“It’s quite a complicated decision for them to go through and decide about having a vaccine,” Richardson said.

“What their particular medical issues are, is what we’ve heard from some people.”

Read more: Ontario science table supports COVID-19 vaccine mandates for hospital workers

Public health expects demands for vaccines to increase once again as the city’s five- to 11-year-olds become eligible for shots in the late fall/early winter.

Also, putting strain on the campaign will be the distribution of third dose “booster” shots to older high risk populations and the immunocompromised, like some cancer patients.

So far the city has administered over 5,000 third doses as mid-October with about 74 per cent hitting long-term care homes, high-risk retirement homes and cancer clinics.

Overall vaccinations rebounded on Monday with 858 doses administered compared to Thanksgiving Day when only 169 shots were put in Hamiltonians arms.

Over the last week, city clinics have seen a drop of about 22 per cent in overall doses administered between Oct. 12 and Oct.18.

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Last Monday, Thanksgiving Day, saw an 88.53 per cent drop compared with the same day the previous week.


Hamilton reports 18 new COVID-19 cases on Tuesday

Hamilton’s seven day average number of new COVID cases held steady at 23 for the fourth day in a row according to public health data from Oct. 19.

The city reported just 18 new cases on Tuesday and a drop in active cases day over day from 181 to 174.

About 34 per cent of those active cases involve residents under the age of 30.

Read more: Ontario reports 328 new COVID-19 cases, 4 more deaths

Of Ontario’s 328 new cases recorded on Tuesday, the province revealed that more than half were unvaccinated people (177), 16 partially vaccinated, 105 fully vaccinated and for 30 people the vaccination status was unknown.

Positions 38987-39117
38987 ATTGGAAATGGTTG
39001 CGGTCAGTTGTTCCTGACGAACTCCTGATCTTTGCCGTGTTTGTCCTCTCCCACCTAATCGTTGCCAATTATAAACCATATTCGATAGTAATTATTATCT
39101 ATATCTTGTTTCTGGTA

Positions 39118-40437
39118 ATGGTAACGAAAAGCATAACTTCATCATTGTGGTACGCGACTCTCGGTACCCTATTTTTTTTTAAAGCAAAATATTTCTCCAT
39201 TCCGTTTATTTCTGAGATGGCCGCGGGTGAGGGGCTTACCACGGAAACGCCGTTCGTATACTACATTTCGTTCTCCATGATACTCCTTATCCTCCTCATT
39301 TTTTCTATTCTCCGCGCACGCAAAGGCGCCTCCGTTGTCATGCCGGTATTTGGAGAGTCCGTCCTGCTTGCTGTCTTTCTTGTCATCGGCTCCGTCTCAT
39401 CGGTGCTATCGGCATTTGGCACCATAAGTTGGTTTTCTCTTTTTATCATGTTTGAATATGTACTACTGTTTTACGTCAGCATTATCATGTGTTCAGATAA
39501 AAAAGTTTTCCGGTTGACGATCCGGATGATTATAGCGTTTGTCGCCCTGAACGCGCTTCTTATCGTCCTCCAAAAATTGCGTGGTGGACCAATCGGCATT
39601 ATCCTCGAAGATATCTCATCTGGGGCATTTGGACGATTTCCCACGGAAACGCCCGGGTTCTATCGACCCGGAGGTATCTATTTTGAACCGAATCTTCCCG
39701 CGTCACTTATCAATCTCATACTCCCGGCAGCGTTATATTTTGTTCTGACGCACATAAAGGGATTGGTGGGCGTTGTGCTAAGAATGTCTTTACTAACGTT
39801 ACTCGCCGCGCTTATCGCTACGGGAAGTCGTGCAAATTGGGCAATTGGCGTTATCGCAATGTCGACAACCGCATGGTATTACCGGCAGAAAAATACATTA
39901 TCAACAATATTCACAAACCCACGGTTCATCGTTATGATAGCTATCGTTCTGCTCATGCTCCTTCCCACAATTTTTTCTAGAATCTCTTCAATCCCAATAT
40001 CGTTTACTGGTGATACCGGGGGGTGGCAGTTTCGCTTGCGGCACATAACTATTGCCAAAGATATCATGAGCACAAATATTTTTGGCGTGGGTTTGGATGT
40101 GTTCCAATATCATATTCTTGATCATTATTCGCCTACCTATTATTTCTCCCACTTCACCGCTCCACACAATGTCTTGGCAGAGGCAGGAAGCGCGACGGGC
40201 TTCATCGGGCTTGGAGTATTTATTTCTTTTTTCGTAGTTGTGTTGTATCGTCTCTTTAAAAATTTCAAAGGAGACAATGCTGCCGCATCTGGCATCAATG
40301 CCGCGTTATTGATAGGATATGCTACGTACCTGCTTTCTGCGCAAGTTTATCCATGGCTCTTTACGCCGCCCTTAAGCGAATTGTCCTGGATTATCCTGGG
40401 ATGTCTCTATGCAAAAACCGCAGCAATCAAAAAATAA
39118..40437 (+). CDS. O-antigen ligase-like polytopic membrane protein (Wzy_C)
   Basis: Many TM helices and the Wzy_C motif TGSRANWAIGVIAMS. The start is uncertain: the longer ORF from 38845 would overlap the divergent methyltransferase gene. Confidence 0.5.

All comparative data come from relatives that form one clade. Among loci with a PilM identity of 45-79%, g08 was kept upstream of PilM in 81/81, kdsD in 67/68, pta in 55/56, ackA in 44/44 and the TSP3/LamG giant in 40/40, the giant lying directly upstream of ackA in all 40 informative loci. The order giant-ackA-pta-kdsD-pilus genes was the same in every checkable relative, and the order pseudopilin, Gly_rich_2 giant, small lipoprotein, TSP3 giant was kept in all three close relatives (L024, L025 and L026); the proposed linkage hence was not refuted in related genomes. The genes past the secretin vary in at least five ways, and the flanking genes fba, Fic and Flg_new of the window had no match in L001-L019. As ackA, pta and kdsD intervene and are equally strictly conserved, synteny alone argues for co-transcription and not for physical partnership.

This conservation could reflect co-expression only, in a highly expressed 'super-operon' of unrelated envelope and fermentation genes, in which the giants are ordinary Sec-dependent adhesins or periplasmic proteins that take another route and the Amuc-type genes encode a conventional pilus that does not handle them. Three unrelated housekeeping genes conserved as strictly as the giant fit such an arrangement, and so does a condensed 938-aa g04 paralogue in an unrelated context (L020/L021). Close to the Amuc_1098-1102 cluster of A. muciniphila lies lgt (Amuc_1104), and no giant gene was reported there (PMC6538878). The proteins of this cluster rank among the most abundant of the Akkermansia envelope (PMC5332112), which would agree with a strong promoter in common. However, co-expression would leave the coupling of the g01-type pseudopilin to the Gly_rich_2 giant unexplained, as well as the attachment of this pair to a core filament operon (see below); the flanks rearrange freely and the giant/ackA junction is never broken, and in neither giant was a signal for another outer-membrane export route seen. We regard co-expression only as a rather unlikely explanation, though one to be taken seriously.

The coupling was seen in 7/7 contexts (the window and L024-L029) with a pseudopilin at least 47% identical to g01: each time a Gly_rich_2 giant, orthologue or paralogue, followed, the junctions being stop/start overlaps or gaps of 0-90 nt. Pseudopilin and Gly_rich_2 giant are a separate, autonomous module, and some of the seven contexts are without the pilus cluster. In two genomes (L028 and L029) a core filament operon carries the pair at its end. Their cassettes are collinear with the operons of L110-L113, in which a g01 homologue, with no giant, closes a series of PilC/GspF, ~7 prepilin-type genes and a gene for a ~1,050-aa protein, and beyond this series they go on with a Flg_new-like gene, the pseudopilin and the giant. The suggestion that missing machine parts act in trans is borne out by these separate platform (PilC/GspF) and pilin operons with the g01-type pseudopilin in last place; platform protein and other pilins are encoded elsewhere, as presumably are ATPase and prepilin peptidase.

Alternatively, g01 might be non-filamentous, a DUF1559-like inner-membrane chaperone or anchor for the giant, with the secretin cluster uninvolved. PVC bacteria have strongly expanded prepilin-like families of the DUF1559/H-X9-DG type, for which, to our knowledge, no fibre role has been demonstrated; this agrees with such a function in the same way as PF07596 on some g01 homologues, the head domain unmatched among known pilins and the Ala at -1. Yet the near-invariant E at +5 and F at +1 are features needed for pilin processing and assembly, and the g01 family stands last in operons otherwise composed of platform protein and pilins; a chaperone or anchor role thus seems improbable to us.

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During Tuesday’s pandemic update, Hamilton’s MOH said the bulk of the city’s new cases is in line with what’s happening across the province to those who have not had vaccine shots.

“Also a small proportion among those that are partially vaccinated, mostly because that’s a very short period of time for most people. So there’s a very small number there and then only a small number of vaccinated,” Richardson said.

Public health reveled three new outbreaks day over day with the largest involving a wedding reception at Copetown Woods Golf Club in Hamilton’s west side.

Officials say six cases are tied to attendees at the Saturday, Oct. 9, event.

Read more: Public health says 4th wave likely ‘averted’ in Hamilton but COVID-19 will still be around

The two other new outbreaks reported were at Gatestone Elementary Public School, and manufacturer Karma Candy Inc. Each reported two cases each.

As of Monday, Hamilton had seven outbreaks tied to 22 total cases. Three are at schools involving 5 student cases and one with a staffer.

There were three new COVID-related hospitalizations reported by the city’s two networks, St. Joe’s and Hamilton Health Sciences (HHS), day over day.

Combined the two have 33 patients with 11 in intensive care units (ICU).